The Skeleton Twins – Craig Johnson

Having Blondie’s upbeat song ‘Denise’ as the backing track to a man attempting suicide by downing a bottle of vodka and slashing his wrists in a bathtub does not exactly sound like comedy fare. But this opening scene sets the tone for the hit of Sundance Festival The Skeleton Twins absolutely perfectly.

The success of this comedy-drama, written and directed by Craig Johnson and Mark Heyman (Black Swan) is largely due to the sparky chemistry between Kirsten Wigg as Maggie and Bill Hader as Milo – two equally messed-up siblings. Having worked together on Saturday Night Live for many years, they have the easy rapport that cements their strong camaraderie in the film.

Without this deep bond, it would be tricky to believe that they would simultaneously attempt suicide, which is the catalyst for the films drama. Maggie receives the call from the hospital about her brothers drunken attempt to slash his wrists, just as she is about to swallow a large stack of pills.

This is very much a character led, star-vehicle for the comedic talents of our central comedy duo, but there are also impressive performances by Luke Wilson as Lance, Maggie’s laddish boyfriend who is completely oblivious to the deep-rooted depression of his spouse, and Ty Burrell as a professor who began a sexual relationship with Milo whilst he was a 15 year old student, and succumbs to a rekindling of the affair.

The cinematography is sumptuous, in particular one scene at a Halloween party in a graveyard barn where the two siblings slow dance together. Here, the music, lighting and costumery come together to create a breath-taking otherworldly feel, and emphasise the beauty of two broken souls coming together and fixing one another.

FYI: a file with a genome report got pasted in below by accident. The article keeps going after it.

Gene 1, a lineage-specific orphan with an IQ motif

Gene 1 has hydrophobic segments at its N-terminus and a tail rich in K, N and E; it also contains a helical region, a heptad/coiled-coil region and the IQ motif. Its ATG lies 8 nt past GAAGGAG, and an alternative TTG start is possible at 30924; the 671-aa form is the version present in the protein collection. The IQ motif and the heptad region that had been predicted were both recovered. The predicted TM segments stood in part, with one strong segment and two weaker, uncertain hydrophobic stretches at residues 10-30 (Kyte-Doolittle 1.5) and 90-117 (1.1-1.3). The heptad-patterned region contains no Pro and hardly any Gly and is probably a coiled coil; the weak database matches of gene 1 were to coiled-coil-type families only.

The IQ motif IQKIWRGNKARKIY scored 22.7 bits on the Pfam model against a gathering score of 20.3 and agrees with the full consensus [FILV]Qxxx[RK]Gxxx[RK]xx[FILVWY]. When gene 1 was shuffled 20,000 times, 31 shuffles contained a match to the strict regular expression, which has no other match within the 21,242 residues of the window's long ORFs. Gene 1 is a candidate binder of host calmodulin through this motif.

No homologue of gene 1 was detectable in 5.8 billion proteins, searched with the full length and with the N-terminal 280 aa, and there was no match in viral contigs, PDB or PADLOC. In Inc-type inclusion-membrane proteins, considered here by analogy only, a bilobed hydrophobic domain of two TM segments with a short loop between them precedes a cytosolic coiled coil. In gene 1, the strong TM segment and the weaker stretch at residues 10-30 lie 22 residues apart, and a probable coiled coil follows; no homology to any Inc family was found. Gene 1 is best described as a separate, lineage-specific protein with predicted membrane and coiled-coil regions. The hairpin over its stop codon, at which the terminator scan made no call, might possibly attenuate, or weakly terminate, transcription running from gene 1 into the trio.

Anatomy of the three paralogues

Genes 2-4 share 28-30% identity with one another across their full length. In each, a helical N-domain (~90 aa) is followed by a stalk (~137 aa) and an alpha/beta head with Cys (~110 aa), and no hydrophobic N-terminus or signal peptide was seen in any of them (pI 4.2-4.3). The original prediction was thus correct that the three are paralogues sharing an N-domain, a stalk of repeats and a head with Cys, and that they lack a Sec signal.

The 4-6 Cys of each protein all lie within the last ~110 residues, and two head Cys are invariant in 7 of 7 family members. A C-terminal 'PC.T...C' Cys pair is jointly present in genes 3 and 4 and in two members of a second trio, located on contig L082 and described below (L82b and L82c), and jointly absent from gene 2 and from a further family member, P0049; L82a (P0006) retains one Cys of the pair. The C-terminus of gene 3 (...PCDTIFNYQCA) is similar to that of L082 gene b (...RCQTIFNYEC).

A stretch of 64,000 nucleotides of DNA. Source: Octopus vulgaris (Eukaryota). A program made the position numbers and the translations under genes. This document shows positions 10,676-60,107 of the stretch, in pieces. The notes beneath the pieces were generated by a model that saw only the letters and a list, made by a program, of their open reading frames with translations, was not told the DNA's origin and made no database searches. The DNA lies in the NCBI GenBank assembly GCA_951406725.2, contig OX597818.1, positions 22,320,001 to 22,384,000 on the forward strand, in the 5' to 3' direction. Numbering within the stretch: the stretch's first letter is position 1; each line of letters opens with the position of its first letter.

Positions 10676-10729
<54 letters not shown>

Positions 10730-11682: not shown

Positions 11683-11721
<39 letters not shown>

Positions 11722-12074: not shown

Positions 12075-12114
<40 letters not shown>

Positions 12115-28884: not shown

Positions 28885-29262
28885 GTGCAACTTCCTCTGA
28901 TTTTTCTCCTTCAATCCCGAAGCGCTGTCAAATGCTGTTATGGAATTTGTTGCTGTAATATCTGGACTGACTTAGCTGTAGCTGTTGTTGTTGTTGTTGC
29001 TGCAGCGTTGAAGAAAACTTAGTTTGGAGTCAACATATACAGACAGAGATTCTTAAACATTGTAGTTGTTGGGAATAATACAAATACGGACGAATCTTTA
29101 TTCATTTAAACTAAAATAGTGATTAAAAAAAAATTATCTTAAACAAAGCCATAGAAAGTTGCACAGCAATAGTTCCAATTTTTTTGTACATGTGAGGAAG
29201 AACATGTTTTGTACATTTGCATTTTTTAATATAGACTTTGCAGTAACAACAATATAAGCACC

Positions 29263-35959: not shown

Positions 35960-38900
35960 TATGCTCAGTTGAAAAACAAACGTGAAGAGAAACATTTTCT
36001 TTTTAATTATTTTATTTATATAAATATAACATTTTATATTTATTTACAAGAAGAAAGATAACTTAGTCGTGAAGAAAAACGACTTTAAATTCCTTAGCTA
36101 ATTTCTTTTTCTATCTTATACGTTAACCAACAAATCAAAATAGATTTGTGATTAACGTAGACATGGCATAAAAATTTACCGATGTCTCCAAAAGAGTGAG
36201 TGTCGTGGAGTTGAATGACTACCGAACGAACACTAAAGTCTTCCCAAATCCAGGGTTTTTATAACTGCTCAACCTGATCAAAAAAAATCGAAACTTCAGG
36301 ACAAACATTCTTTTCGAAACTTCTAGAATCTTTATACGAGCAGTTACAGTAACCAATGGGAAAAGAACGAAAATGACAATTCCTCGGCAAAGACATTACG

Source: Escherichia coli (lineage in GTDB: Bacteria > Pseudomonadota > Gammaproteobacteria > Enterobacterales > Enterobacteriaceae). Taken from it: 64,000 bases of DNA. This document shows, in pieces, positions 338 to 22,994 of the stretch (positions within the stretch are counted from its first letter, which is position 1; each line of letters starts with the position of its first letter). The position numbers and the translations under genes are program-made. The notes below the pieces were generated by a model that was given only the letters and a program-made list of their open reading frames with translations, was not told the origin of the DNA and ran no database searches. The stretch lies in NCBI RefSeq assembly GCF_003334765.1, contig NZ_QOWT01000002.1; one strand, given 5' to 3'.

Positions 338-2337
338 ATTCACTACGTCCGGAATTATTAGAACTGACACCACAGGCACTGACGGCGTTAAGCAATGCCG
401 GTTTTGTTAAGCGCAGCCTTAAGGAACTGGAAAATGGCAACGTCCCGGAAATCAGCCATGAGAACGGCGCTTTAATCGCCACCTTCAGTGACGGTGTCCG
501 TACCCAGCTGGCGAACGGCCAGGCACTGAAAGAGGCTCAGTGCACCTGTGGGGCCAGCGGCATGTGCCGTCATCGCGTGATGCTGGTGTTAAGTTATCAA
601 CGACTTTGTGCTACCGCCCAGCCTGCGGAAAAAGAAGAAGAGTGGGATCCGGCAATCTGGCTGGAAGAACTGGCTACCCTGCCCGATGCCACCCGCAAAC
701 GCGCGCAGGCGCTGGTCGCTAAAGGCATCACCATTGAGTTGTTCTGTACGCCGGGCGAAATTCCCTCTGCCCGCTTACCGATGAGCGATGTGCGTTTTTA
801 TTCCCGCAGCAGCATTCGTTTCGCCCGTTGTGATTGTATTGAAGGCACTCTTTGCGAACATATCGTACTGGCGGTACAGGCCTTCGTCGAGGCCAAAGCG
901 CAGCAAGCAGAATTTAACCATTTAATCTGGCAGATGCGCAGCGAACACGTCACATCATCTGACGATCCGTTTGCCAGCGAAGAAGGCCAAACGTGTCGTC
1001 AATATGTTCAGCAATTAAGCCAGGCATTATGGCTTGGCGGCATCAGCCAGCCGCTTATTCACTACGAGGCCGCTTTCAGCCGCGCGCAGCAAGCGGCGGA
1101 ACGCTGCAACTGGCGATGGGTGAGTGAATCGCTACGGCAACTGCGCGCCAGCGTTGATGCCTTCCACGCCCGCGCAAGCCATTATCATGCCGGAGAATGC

The film is unabashedly of the indie variety, and with this comes the usual tropes such as wealthy protagonists who don’t help themselves with their self-absorption, and kooky hobbies such as scuba-diving (where Maggie starts a passionate affair with the dishy instructor, played by Boyd Hollbrook) and a deep-and-meaningful voiceover to start the film. However, the originality of the script and heartfelt performances elevate this film to a more sophisticated level. Having Blondie’s upbeat song ‘Denise’ as the backing track to a man attempting suicide by downing a bottle of vodka and slashing his wrists in a bathtub does not exactly sound like comedy fare. But this opening scene sets the tone for the hit of Sundance Festival The Skeleton Twins absolutely perfectly.

The success of this comedy-drama, written and directed by Craig Johnson and Mark Heyman (Black Swan) is largely due to the sparky chemistry between Kirsten Wigg as Maggie and Bill Hader as Milo – two equally messed-up siblings. Having worked together on Saturday Night Live for many years, they have the easy rapport that cements their strong camaraderie in the film.

Without this deep bond, it would be tricky to believe that they would simultaneously attempt suicide, which is the catalyst for the films drama. Maggie receives the call from the hospital about her brothers drunken attempt to slash his wrists, just as she is about to swallow a large stack of pills.

This is very much a character led, star-vehicle for the comedic talents of our central comedy duo, but there are also impressive performances by Luke Wilson as Lance, Maggie’s laddish boyfriend who is completely oblivious to the deep-rooted depression of his spouse, and Ty Burrell as a professor who began a sexual relationship with Milo whilst he was a 15 year old student, and succumbs to a rekindling of the affair.

The cinematography is sumptuous, in particular one scene at a Halloween party in a graveyard barn where the two siblings slow dance together. Here, the music, lighting and costumery come together to create a breath-taking otherworldly feel, and emphasise the beauty of two broken souls coming together and fixing one another.

The film is unabashedly of the indie variety, and with this comes the usual tropes such as wealthy protagonists who don’t help themselves with their self-absorption, and kooky hobbies such as scuba-diving (where Maggie starts a passionate affair with the dishy instructor, played by Boyd Hollbrook) and a deep-and-meaningful voiceover to start the film. However, the originality of the script and heartfelt performances elevate this film to a more sophisticated level.

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